Album Reviews

The Rifles – Freedom Run

on September 12, 2011, 7:57am
FreedomRunCover D-
Release Date

Everyone has the desire to play it safe, at least to some degree. This can be true in day-to-day life, as well as in creative ventures. Unfortunately, the risk-free route doesn’t yield many great musical results. In the case of The Rifles‘ latest album, Freedom Run, problems stem from a lack of variety throughout its 13 tracks. The high-pitched melodies and gentle vocals found on nearly every track aren’t bad. In fact, a few of them are pretty damn catchy. But, unfortunately, fatigue will quickly set in, as hardly anything shifts from their formula.

So, what exactly do these songs sound like? The disc’s opener “Dreamer”, which kicks off with a low church organ before a light guitar pattern shines in, offers a clear guideline. The verses are pounded out, with bursts of six-string buzz from Lucas Crowther and the slamming drums of Kenton Shinn. The lovely harmonies shared by  Crowther and lead vocalist Joel Stoker are on full display here. In an era of studio-created distortion, a natural echo is a definite highlight.

That song sums up a good portion of the album. “Sweetest Thing” and “Falling” are two other riff-rockers, the musicians’ fingers firmly placed near the front of the fretboard. When the band does attempt to venture into new territory, it’s always pulled back to safe melodies and safer vocals. “Love Is Key” sounds promising at the start, with a belligerent opening that brings The Kinks to mind. Unfortunately, the singing doesn’t match up, remaining slight and sweet, with virtually no hints of aggression. “Tangled Up in Love” and “(Interlude)” fare much better. The former includes elegant strings that continue to climb throughout the song, while the latter is an instrumental, with buzzing guitars that dive underwater.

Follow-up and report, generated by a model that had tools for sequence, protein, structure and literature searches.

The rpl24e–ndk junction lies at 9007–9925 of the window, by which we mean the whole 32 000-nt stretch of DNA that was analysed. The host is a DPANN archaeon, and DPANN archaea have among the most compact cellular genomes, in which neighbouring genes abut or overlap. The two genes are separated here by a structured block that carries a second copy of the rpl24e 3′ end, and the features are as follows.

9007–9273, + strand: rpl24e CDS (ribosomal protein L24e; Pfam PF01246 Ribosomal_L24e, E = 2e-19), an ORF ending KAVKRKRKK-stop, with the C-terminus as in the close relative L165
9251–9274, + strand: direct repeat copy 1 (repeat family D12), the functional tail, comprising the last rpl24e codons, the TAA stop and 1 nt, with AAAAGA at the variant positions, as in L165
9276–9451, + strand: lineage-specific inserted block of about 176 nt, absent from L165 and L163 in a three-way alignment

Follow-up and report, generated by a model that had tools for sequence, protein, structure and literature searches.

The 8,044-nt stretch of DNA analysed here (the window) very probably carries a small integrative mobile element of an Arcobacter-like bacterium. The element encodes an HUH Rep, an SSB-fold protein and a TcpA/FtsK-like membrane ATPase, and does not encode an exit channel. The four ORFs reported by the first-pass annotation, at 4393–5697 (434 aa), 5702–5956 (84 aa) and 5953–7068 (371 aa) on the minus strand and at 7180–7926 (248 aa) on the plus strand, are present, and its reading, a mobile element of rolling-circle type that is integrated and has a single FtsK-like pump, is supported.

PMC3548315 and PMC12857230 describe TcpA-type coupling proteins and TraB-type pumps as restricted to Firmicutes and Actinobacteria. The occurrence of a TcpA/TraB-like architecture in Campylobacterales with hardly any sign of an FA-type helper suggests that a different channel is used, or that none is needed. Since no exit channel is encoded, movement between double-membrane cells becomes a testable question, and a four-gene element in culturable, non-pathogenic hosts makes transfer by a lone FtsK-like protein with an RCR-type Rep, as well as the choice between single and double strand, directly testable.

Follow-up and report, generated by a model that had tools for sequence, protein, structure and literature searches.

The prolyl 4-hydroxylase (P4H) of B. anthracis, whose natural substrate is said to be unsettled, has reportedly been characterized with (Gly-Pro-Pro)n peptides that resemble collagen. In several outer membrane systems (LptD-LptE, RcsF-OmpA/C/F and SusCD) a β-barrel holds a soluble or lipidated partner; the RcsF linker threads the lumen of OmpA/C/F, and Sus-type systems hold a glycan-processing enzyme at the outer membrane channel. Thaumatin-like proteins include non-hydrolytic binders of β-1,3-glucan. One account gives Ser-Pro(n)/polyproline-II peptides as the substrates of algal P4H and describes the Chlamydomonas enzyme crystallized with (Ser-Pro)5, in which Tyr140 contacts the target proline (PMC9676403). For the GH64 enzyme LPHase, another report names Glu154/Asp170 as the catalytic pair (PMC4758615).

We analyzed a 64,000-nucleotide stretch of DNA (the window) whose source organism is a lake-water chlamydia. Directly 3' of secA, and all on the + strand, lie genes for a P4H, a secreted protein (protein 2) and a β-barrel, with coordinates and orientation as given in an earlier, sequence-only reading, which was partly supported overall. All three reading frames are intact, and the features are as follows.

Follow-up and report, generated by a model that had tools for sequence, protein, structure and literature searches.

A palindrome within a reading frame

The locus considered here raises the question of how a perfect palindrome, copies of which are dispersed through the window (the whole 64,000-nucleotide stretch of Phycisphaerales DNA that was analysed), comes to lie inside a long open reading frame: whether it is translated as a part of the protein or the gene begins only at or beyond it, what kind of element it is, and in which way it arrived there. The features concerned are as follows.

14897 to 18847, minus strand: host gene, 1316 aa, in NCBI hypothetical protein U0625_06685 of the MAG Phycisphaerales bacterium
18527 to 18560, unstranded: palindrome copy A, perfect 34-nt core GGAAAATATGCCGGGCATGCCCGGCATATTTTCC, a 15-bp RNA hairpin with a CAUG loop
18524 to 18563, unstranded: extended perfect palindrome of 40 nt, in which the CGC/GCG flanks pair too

When it comes to this band’s high-pitched melodies and pleasantly catchy vocals, “Dreamer” covers the territory excellently. After that, every other track feels like an inferior version of the opener. It’s when The Rifles blend the traditional with some fresh ideas that you’ll sit up and pay attention, proving that it’s time for The Rifles to change up the formula.

Essential Tracks: “Dreamer”, “Tangled Up in Love”, and “(Interlude)”

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February 25, 2012 at 2:46 am

Change up the formula?
have you even listened to the previous few albums. This is a huge difference. Changing up the formula is exactly what they have done. I can’t admit to loving it 100% yet as I found their previous work to be more gritty with vocals that seemed to have something more important to say but It has all the hallmarks of a great body of work. Whether they carry this style through to their next album, who knows, but this style on this record will damn well sell a lot more units than their previous 2 albums combined.


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